- Scope changes/scope creep
Changes to a project’s original scope, whether approved or unapproved, can be inevitable. An example are last-minute additions to an interior design project, like the client requesting for more costly trimmings, a different brand of bathroom tiles or wall paint color, among other things.
Careful project planning and documentation can help with scope change management, as well as communicating the requested changes to involved parties, their impacts on deadlines and budgets, the challenges stemming from the changes, including the alternative plans, if the changes are indeed to be carried out.
- Lack of resources
Sometimes, due to simultaneous project deployments within organizations, project managers find themselves short on much needed resources – time, funding and skilled personnel. Upper management should properly prioritize projects so that project managers don’t have to engage in some sort of a tug-of-war for skilled personnel and/or budget allocation.
- Insufficient team skills
When tasks are assigned to team members based on their availability, their core skill sets may not be in line with what the task requires. One way to mitigate this is through training. If training is not an option, outsourcing some components of the project or hiring temporary staff can help bridge the gap.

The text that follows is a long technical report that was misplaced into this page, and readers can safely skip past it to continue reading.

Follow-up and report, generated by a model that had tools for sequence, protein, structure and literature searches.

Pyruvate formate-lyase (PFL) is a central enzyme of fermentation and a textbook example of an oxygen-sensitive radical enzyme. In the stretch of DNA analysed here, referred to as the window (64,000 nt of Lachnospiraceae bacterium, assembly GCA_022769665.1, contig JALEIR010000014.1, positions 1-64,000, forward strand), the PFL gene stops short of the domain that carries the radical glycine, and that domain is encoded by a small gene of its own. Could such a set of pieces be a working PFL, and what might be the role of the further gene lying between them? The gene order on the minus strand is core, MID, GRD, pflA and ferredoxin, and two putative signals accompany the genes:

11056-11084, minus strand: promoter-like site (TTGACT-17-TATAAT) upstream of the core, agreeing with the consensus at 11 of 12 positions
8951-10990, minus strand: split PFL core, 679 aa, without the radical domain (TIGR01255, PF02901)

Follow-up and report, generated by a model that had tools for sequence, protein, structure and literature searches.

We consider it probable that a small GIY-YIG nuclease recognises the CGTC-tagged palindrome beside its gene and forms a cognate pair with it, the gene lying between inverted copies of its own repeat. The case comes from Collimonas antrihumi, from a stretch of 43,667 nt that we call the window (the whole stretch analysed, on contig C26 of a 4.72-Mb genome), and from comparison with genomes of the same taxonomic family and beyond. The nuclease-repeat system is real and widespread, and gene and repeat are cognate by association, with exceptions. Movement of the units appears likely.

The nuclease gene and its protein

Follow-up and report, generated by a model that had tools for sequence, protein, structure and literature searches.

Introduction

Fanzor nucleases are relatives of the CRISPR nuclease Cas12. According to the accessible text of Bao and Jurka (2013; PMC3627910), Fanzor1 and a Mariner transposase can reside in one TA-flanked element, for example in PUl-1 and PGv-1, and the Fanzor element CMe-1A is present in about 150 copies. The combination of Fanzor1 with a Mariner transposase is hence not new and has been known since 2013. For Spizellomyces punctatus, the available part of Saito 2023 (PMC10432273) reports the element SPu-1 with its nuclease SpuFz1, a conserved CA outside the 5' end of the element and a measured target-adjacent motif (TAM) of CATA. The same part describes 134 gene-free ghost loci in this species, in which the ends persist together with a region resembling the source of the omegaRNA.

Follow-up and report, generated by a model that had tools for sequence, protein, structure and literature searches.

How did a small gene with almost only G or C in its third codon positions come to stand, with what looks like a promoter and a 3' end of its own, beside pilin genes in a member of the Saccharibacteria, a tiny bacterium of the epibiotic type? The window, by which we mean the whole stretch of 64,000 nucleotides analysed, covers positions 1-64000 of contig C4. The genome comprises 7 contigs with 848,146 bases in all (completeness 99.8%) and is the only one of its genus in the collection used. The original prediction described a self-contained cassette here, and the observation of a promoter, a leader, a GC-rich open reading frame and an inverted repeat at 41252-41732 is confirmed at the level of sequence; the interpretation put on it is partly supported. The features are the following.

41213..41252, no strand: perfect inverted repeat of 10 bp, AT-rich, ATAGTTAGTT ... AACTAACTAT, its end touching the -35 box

- Software systems that don’t support collaboration
Desktop project management tools, like Microsoft Project, while built with functionalities like Gantt chart and resource leveling, may not be equipped to support collaboration, especially for geographically dispersed teams. A proven solution is to deploy a web-based project management system that can be accessed anywhere, anytime and without the need for costly on-premise infrastructure.
- Poor communication frameworks
Projects may sometimes include people outside the four walls of an organization – customers, vendor suppliers, outsourcers, subcontractors and other third-party stakeholders. Needless to say, communication gateways shouldn’t get in the way of effective collaboration, like on-premise project management tools normally do because of VPN systems blocking outside communication for security reasons. SaaS-based project management tools should do the trick.
CMW Project and project planning – a step towards efficiency
It used to be that aside from the necessary analytical and project planning and control skills, a project manager’s toolbox included a calculator and a whiteboard. While the calculator and whiteboard are still unquestionably useful in today’s setting, project planning becomes more efficient with automated project planning. CMW Project’s Work Breakdown Structure chart allows you to create tasks and activities, and simply drop them where they should be in the plan, efficiently taking care of complex leveling in big projects.
And then there’s automated priority-based planning that schedules your projects based on the task assignments and priorities you define. Just drag and drop entries, and your plan will be automatically calculated.
Posted on: in Project World, Tips and Tricks